Monday, June 04, 2007

What Perzel is up to....

OFF THE FLOOR: Perzel’s Philly money barrage on Gabig prelude to 2008?


A Capitolwire Column

By Peter L. DeCoursey
Bureau Chief

HARRISBURG (June 4) - Want to know why so many people are worried about a potential 2008 House GOP primary purge by House Speaker Emeritus John Perzel?

Because he tried to defeat a fellow House GOP incumbent in the 2006 primaries with a late $54,000 barrage financed by Perzel's Philadelphia-based inner-circle unions and donors.

Look at the state’s campaign finance Web site, at the last two 2006 reports filed by Carlisle Borough Councilman Frank Rankin. Those reports show Rankin raised $84,000 to wage a primary challenge last spring against state Rep. Will Gabig, R-Carlisle.

More than $54,000 of that money came in the last few weeks of the campaign from Philadelphia unions and donors closely tied to Perzel. Several donors and other sources confirmed that Rankin only got that Philadelphia money after Perzel asked for it.

Gabig is ideologically very conservative and was a Perzel critic within the caucus, and someone who thought Perzel was to blame for the pay-raise fallout that engulfed the 2006 elections.

Neither Perzel nor Gabig returned Capitolwire’s requests for comment, so I don’t know why Perzel did it, or what Gabig thought when he first saw that flood of Philadelphia money coming in against him.

We do know that Gabig won the primary narrowly. And I suspect that flood of Philadelphia money may have been a factor when Gabig voted for John Perzel for Speaker this past January.

All $54,000 came in during the last three weeks of the campaign.

How well hidden was it?

I asked House Minority Leader Sam Smith, R-Punxsutawney, who was House Majority Leader, Perzel’s House GOP partner a year ago, about it. He looked puzzled as I said Rankin got $10,000 from the Philadelphia Carpenter’s union, $10,000 from the Philly electricians' union, $10,000 from the Philadelphia and D.C. Painter’s unions, $7,000 from various Philadelphia Teamsters unions and $10,000 from Philly GOP power broker/fundraiser Charlie Kopp. Another $5,000 came from Northeast Philadelphia Perzel insider Ronald Panepinto. Perzel helped his brother Paul run for the Supreme Court in the 2007 primary election. Another $2,000 came from other unions, RJR Nabisco and pet Perzel donors, all from Philadelphia or its suburbs.

Rep. Curt Schroder, R-Chester, a Perzel critic who helped engineer Perzel's downfall in the Speaker's race, wrote in an email: "I think the figures and contributors speak for themselves. What interest could they possibly have in a primary race in Carlisle?"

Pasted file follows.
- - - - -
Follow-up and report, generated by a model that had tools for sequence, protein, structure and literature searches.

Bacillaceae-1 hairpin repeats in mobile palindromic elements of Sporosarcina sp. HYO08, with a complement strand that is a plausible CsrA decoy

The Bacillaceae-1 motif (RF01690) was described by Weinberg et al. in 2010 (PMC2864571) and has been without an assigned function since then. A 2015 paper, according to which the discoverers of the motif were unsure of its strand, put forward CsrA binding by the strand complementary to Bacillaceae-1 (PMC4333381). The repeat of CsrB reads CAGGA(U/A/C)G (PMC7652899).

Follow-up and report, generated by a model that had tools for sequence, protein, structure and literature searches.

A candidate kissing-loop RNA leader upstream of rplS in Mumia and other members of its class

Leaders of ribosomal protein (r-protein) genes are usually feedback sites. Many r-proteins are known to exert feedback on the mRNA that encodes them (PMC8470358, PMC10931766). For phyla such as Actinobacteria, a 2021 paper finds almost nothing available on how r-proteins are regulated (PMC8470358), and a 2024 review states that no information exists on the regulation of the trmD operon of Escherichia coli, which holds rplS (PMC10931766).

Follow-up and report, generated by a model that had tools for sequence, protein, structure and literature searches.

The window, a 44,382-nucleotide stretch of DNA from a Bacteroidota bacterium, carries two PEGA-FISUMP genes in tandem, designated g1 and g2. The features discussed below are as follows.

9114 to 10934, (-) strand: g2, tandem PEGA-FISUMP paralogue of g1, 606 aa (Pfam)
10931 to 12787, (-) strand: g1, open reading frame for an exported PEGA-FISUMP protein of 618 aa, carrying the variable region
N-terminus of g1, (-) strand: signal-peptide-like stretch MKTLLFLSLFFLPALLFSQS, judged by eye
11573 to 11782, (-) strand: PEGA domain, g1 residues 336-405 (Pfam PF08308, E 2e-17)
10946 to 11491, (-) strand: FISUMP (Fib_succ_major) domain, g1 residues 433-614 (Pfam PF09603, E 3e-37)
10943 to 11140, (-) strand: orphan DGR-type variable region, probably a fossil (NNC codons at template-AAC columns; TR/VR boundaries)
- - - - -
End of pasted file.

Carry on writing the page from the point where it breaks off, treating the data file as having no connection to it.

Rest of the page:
Smith told me: “You know more about it than I do,” adding that he didn’t know about it then, or now.

Gosh, that must be comforting to the six House Republicans who voted against Perzel for Speaker this January. They are now relying on Smith’s assurances that no House GOP or Perzel-directed primary purge is aimed at them.

Schroder and five other House Republicans - Brad Roae of Venango, Kerry Benninghoff of Centre, Jim Cox and Sam Rohrer of Berks and David Steil of Bucks - cast the votes which toppled Perzel from the speakership in January. They and 99 House Democrats elected Speaker Denny O’Brien, R-Philadelphia. Schroder says someone has already begun to recruit GOP primary challengers against them next year.

Schroder is upset by that, and outraged that Perzel left the House Republican Campaign Committee $700,000 in debt. He’s even angrier about Perzel’s cancellation of two checks, $50,000 each, from Perzel’s committee to the House Republican Campaign Committee, last January. Three weeks after Perzel lost the speakership and his seat atop the House GOP.

After Schroder spoke up about this last week, Smith told reporters: “Curt's talking a little bit too much. I'll leave my conversation with him in private, where it belongs.”

Asked if Smith has asked him to stop talking publicly about intra-GOP strife, Schroder wrote in an email: “No he has not told me to stop but I'm sure he wishes I would. As long as such a threat exists, however, I will deal with it as I see necessary. If the threat goes away, maybe I'll shut up.”

Smith also told reporters that he has tried to reassure House Republicans no purge is coming: “I have stated very clearly to my caucus that if we are serious about recapturing the majority, it is easier to start with 100.”

For those counting, that is the 101 elected House Republicans minus O’Brien. Smith, laughing, said: “I don’t count him.”

Smith snorted at the idea the House GOP’s $700,000 debt is unusual or daunting: “As a matter of fact that is one of the things Rep. Schroder said that’s not really accurate. That debt is no different than we usually have. It has always been June or so until we cleared up the debt. We expect to be free and clear of debt by the middle of the summer. It’s been tougher this year because of losing the majority and the friction in the caucus.”

And it may stay tough because more evidence keeps piling up that the “friction in the caucus” is growing rapidly. It will only intensify because Rankin’s campaign finance reports demonstrate that the $400,000 in Perzel’s campaign account is just one arrow in his quiver. Perzel can also aim his Philadelphia deep pockets donors at any other House Republican he targets. As he did to Gabig.

Schroder wrote in an email: “Will Gabig is a good member of our caucus. ... If Will Gabig was targeted, no one should feel safe.”


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